How can State Street be revived? In my last article on State Street’s retail glut, I pointed out that there are 30+ retail vacancies in the downtown State Street corridor and that Santa Barbara is following a national trend in retailing. That is, there is too much retail space, online sales are challenging retail stores, and generational spending and shopping habits have changed.

The revival of State Street lies with the City, property owners, and retailers. They have to adjust to a changed environment. This is not a transitory phenomenon; we are witnessing one of the rare times in history when there are major shifts in human economic behavior. Shopping and life-style patterns have changed and to ignore them is to see the permanent decline of State Street.

Some readers commented that I neglected to mention the impact of the homeless on shoppers. Actually, I did consider the homeless and there is no doubt that they haven’t enhanced the State Street experience. It would be nice to solve the homeless problem, and perhaps there is more the City and the police can do, but, as Chief Lori Luhnow says, these folks have Constitutional protections from arrest for legal, but obnoxious, behavior. If there is a solution, they won’t disappear overnight.

However, the homeless have been with us for a long time and that can’t explain the sudden appearance of 30+ vacancies; it is more complicated than blaming it on the homeless.

Here are some of the new ground rules of the retail world:

  1. Online shopping will continue to grow faster than shopping at brick-and-mortar stores. E-commerce now represents 22% of of retail sales. The younger the generation, the more they shop online. Smart brick-and-mortar retailers are moving online. For example, Nordstrom now does 23% of their business online.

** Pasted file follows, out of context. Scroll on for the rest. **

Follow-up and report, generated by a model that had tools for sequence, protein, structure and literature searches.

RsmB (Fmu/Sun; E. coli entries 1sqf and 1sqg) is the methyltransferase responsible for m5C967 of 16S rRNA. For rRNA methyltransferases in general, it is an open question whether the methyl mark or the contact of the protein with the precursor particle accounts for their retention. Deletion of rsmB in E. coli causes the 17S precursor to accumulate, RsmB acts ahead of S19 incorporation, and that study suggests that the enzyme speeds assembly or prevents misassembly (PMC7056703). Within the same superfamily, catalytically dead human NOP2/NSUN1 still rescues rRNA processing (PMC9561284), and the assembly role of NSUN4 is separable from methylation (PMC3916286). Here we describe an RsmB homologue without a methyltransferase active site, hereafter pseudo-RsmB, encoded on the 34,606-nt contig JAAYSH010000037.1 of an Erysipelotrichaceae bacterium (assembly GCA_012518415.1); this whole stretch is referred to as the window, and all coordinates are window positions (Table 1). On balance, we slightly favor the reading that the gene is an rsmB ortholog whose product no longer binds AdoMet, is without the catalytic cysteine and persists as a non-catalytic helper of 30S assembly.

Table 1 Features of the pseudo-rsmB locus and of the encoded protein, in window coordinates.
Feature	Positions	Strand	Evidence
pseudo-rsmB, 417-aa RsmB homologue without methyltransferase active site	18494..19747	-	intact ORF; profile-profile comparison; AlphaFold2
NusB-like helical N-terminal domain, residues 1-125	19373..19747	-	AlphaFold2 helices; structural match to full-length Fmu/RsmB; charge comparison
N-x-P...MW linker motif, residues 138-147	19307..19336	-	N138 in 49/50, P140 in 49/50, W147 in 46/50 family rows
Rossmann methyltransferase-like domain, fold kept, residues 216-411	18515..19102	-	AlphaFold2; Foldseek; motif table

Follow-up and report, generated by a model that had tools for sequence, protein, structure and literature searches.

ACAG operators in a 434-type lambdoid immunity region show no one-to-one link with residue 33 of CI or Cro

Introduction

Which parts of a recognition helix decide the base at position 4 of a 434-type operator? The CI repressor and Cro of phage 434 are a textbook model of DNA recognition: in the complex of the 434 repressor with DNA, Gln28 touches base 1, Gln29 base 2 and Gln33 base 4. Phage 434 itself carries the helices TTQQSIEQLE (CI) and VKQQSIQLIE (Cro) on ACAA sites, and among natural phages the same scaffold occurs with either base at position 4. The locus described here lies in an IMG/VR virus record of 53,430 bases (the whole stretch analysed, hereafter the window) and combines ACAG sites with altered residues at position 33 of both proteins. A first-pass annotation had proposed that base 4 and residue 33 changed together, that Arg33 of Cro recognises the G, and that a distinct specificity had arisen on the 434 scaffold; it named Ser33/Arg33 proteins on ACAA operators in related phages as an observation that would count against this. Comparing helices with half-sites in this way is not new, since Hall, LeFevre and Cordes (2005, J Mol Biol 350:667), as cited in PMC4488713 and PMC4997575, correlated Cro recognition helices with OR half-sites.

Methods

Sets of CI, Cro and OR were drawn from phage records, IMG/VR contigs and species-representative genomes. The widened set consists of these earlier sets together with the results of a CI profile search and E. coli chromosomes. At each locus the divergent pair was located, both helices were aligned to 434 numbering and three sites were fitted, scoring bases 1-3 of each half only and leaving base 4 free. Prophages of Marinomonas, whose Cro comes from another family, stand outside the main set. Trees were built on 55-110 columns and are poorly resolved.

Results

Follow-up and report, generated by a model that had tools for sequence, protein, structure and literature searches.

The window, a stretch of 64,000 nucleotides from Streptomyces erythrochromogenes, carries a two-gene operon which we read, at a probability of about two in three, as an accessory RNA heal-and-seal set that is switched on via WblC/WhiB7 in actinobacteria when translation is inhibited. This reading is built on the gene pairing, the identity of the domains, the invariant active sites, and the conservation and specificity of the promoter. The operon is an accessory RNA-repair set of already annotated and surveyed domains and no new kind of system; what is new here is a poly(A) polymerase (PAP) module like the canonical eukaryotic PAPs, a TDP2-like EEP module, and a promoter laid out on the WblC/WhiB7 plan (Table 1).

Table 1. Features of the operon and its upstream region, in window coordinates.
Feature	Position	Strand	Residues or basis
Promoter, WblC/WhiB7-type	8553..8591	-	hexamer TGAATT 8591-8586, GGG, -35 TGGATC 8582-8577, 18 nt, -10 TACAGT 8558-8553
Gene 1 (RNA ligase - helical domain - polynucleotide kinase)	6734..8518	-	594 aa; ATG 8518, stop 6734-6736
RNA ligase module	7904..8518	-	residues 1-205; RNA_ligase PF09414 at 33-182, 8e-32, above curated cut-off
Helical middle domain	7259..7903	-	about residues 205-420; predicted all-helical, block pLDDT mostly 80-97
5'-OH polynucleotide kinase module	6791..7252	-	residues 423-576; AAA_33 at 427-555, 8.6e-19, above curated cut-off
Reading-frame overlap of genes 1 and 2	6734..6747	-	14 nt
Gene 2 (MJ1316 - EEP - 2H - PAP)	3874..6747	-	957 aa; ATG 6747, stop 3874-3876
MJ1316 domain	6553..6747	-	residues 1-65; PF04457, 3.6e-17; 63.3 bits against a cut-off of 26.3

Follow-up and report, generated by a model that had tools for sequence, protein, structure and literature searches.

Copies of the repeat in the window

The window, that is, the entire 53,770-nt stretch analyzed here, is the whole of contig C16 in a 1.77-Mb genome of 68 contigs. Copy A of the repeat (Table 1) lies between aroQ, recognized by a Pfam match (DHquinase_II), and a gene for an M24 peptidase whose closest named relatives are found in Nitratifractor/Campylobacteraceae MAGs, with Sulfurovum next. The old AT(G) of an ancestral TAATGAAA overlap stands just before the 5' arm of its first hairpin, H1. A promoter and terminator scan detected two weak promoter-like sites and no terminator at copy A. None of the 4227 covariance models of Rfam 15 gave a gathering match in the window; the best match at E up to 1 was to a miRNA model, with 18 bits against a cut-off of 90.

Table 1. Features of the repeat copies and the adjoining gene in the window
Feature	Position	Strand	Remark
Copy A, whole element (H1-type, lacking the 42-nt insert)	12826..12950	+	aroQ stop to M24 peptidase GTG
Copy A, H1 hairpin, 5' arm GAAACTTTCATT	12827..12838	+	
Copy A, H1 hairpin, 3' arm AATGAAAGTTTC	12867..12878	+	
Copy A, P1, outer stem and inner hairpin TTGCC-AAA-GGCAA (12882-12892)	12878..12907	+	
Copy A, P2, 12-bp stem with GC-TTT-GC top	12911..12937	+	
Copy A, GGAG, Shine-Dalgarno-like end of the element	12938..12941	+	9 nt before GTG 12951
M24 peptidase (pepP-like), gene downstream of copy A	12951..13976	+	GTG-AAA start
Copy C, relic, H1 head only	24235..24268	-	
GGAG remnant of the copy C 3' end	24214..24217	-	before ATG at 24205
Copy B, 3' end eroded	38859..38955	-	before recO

2. Department stores are a declining business. Big is a liability in a fast-changing retail world. The trend in chain store closings will continue. Big stores are passé.
  3. Retailers can’t compete on price against online competitors. Understand the phenomenon of “showrooming” where shoppers photograph your product’s SKU and then search for it online. Nothing sells for “retail” any more.
  4. Younger generations see social media as a more fun way to interact with their friends than hanging out at the mall. Malls will continue to struggle.
  5. Gen Xers (1965 to 1980), Millennials, aka, Gen Y (1981 to 1995), Gen Z (1996 to present) are all more conservative financially, and are spending less and spending smarter (thanks to the Internet).
  6. These generations also have more debt and are less wealthy than their Baby Boomer predecessors.
  7. Brand identity is becoming less important to younger generations. Witness the fall of Abercrombie & Fitch.
  8. They are looking for “authentic” products. Thus, the trend for organic products, less packaged foods, “craft” goods, “artisanal” concepts.
  9. “Stuff” is less important than “experience.” Dining out with friends, $5 lattes, travel, and exercise and health are growth sectors.

To Retailers:

I confess my guilt for being an online shopper. It’s fast, convenient, and I save money. It takes a lot to get me down to State Street. You retailers are painfully aware of this. The new ground rules say you need to connect with us shoppers in a meaningful way; i.e., create a shopping “experience”.